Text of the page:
The Verizon IndyCar Series has informed its competitors of a new rule that could seriously impact the ability for drivers and team principals to speak candidly.
Series boss Mark Miles promised changes would be forthcoming after the Fontana oval race where members of the IndyCar paddock spoke out against the rules that produced 500 harrowing miles of racing, and with further comments criticizing the short IndyCar schedule and other aspects of the series, a new rule has been produced that could be interpreted as a gag order.
Rule 9.3.8, Detrimental Competitor Conduct, states:
Competitors must be respectful, professional, fair and courteous to others. At all times, Competitors must not, attempt to, or engage in conduct or statements that in the judgment of INDYCAR:
a) Threatens or denigrates any Official, fellow Competitor or the INDYCAR brand;
b) Calls into question the integrity or legitimacy of the Rules or their application, construction or interpretation;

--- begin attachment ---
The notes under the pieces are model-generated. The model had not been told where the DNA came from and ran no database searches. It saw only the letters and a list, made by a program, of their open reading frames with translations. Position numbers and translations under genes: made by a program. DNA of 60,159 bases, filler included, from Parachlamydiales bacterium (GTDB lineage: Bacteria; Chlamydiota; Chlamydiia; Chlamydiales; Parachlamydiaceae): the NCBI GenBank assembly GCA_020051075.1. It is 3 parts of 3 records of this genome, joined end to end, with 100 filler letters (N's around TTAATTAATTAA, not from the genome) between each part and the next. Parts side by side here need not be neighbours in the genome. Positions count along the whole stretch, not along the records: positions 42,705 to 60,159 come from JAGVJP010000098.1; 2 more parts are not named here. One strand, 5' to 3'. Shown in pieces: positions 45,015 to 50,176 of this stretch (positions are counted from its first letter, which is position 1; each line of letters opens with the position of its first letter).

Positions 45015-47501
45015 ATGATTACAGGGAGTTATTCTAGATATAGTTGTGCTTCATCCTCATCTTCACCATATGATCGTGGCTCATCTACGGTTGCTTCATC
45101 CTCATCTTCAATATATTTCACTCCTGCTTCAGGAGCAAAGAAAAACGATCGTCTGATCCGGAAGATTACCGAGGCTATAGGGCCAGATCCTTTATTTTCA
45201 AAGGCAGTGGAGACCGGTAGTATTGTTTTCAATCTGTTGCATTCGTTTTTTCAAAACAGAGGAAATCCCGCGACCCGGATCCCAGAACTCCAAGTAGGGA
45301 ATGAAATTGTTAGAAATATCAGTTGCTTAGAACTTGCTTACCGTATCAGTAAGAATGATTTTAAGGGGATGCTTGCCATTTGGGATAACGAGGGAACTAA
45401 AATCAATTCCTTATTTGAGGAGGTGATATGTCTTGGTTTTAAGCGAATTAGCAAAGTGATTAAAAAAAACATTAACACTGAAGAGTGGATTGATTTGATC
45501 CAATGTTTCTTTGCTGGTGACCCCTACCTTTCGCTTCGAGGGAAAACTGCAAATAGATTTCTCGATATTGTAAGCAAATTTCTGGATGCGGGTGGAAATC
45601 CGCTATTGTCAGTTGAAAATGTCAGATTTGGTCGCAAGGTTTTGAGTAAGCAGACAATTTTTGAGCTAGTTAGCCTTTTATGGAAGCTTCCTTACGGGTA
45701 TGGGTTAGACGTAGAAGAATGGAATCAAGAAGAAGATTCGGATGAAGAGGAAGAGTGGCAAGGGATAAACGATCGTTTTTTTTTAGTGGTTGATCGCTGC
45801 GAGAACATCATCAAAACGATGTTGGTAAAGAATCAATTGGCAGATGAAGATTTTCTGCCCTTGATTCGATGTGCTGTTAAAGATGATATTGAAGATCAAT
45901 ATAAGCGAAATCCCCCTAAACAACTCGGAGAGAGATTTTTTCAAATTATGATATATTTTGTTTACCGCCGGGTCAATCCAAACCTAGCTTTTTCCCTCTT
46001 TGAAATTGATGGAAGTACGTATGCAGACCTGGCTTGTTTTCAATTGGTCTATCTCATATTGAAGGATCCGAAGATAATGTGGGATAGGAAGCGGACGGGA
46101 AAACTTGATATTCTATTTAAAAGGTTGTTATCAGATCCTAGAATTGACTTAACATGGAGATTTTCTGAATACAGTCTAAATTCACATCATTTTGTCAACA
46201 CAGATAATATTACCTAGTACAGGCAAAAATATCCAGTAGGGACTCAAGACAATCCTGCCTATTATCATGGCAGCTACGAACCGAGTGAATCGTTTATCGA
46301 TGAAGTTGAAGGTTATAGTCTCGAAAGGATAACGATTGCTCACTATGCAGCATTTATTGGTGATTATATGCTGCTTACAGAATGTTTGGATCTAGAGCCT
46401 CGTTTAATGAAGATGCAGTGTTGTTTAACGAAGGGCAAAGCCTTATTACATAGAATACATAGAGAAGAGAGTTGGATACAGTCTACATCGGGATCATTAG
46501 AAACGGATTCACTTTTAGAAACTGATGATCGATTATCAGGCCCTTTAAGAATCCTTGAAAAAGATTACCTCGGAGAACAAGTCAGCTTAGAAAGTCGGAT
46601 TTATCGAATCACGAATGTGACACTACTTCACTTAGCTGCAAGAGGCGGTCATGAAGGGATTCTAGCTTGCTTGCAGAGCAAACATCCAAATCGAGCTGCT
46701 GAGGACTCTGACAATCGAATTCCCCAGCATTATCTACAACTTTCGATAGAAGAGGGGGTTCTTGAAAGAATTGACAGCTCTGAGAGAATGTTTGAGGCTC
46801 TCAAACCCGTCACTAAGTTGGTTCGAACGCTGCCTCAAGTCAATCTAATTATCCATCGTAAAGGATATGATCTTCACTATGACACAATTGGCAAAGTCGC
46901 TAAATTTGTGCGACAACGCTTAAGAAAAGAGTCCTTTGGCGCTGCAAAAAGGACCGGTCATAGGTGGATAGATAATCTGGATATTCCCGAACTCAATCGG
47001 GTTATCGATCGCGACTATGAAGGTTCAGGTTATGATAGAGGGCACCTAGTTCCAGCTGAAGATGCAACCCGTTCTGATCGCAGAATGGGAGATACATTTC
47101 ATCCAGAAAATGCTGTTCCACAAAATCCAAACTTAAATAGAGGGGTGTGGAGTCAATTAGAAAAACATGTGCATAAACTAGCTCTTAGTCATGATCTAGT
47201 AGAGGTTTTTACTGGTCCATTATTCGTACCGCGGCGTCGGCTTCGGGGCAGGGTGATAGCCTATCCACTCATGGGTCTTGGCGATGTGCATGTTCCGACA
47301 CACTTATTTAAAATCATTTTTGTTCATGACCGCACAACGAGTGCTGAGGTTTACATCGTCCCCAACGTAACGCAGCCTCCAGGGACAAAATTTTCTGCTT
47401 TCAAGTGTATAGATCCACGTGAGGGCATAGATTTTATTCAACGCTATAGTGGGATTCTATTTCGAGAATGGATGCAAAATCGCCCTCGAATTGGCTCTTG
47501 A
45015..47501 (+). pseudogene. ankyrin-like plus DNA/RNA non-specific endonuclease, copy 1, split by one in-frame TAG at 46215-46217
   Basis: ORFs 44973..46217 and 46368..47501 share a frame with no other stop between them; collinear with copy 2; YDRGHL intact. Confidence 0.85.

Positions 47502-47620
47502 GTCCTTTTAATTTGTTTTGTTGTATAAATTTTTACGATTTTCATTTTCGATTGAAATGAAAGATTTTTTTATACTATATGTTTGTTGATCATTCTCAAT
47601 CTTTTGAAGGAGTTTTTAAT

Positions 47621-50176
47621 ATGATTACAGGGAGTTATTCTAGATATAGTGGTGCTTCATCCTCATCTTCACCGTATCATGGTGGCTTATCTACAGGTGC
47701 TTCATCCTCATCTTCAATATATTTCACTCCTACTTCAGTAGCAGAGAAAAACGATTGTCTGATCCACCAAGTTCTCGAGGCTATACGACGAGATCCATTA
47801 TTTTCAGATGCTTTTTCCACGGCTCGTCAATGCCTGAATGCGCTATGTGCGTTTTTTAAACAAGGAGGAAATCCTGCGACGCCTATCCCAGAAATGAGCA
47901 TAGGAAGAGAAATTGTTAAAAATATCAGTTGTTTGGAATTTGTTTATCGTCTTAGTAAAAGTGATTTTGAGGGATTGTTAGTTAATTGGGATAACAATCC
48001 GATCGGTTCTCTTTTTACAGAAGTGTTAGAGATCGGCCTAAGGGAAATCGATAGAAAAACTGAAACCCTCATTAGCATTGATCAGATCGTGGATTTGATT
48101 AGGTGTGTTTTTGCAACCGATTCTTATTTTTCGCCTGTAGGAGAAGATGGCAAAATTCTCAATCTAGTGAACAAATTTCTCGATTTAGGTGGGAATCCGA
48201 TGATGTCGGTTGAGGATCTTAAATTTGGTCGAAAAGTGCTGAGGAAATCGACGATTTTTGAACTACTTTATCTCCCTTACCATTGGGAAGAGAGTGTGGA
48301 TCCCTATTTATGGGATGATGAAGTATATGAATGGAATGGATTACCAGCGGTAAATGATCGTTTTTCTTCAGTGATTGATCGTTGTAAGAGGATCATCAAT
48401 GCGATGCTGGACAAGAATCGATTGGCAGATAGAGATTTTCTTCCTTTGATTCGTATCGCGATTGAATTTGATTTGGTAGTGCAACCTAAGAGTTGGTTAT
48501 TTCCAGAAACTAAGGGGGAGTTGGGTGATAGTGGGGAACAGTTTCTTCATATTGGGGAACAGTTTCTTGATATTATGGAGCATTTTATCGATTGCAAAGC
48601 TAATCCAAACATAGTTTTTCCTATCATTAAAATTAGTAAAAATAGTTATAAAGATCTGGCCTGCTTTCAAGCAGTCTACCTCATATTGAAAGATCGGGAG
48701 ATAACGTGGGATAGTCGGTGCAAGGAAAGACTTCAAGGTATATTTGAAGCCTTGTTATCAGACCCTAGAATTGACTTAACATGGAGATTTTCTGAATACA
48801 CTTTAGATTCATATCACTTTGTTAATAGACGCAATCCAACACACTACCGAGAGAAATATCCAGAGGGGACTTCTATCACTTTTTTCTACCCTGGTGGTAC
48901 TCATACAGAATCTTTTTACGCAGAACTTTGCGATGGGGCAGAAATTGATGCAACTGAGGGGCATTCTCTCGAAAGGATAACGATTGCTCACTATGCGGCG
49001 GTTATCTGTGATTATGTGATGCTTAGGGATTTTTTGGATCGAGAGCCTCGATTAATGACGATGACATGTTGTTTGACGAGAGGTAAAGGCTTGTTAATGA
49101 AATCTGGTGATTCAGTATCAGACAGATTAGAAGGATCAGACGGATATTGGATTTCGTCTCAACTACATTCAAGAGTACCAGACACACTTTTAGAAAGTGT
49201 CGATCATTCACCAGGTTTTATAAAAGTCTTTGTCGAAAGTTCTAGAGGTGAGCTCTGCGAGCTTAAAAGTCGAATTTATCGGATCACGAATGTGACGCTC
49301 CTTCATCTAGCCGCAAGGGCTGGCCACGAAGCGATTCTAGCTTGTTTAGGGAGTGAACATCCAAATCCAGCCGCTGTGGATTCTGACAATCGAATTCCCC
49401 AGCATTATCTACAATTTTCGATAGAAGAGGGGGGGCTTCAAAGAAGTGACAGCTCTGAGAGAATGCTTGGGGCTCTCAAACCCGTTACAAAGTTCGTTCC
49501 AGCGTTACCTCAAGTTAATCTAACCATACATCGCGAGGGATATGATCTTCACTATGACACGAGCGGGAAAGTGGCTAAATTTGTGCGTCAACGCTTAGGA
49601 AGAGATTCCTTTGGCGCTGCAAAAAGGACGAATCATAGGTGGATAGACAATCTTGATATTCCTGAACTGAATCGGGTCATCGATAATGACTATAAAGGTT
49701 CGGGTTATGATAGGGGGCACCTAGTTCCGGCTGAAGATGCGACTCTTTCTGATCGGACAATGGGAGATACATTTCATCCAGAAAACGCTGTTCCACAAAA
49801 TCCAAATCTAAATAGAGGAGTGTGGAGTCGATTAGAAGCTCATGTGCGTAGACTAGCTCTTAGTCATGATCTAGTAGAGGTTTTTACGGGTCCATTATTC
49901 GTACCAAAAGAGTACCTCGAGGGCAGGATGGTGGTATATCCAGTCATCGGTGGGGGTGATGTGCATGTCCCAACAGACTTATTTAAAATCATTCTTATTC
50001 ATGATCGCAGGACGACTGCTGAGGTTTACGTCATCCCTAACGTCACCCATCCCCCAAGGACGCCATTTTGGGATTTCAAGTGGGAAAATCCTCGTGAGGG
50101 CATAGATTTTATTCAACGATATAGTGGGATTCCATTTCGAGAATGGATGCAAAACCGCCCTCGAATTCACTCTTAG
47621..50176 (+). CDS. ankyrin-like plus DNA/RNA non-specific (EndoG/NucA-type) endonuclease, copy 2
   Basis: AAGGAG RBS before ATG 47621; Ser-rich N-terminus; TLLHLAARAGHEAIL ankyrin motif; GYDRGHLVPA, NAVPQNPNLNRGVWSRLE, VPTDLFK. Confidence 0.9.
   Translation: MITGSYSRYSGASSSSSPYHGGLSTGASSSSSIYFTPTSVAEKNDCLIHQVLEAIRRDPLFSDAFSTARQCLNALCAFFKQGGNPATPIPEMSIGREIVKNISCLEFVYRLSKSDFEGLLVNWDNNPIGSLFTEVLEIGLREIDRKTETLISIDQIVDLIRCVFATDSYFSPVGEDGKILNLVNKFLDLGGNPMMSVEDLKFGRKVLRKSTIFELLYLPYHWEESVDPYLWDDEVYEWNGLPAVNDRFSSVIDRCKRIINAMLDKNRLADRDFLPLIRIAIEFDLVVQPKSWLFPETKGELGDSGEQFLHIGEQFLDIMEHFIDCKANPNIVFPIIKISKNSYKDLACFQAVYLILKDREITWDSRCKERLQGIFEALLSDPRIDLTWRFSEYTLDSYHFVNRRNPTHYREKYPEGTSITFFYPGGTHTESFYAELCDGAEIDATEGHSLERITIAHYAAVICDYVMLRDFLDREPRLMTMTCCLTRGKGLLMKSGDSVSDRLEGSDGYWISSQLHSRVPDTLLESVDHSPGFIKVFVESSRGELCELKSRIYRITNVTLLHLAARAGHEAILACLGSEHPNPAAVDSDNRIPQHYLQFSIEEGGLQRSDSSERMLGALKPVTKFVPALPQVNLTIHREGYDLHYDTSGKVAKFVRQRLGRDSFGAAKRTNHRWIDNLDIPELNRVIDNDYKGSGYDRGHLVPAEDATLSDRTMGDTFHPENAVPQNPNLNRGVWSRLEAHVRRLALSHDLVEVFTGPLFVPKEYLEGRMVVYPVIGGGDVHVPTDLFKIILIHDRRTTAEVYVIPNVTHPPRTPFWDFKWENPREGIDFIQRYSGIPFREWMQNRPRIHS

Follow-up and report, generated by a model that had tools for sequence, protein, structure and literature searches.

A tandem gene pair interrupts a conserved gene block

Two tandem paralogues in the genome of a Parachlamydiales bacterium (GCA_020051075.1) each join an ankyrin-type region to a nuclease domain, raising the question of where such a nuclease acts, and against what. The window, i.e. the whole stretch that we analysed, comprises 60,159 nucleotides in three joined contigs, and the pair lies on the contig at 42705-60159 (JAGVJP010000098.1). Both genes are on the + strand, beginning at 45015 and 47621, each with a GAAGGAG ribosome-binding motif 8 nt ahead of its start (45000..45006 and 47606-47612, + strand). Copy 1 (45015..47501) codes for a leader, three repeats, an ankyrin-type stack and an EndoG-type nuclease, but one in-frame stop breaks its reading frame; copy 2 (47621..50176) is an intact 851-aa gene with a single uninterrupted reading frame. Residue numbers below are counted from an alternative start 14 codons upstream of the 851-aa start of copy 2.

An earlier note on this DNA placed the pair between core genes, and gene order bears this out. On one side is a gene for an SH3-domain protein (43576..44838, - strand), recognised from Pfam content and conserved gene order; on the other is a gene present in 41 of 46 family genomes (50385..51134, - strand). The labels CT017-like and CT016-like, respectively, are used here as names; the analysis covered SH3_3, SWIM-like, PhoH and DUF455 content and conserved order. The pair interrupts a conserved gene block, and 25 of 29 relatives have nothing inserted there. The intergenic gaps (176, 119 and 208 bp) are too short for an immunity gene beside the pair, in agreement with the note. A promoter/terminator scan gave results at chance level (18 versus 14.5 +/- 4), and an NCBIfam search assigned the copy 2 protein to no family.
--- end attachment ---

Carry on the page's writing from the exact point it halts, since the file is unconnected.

c) Denigrates the IndyCar Series racing schedule or Event(s);
d) Threatens or denigrates any INDYCAR business relationship, including those with sponsors or broadcasters;
e) Otherwise threatens the integrity, reputation or public confidence of the sport, INDYCAR, or IndyCar Series.
With a set of guidelines that demands respect and courtesy and prohibits criticism of officials, competitors, the rules, how those rules are used, the schedule, sponsors, ABC and NBC, or diminishes an intangible like "public confidence of the sport," the series has apparently limited its paddock to answers that are neutral or positive.
Based upon the highly definitive list of offending comments produced by IndyCar, members of the media can also expect to work from a narrow scope of questions that would produce answers that comply with Rule 9.3.8.
No guidelines were provided for penalties if any portions of Rule 9.3.8 are violated.
Reached for comment on the new rule, one IndyCar team owner, who asked to remain anonymous, said "No comment."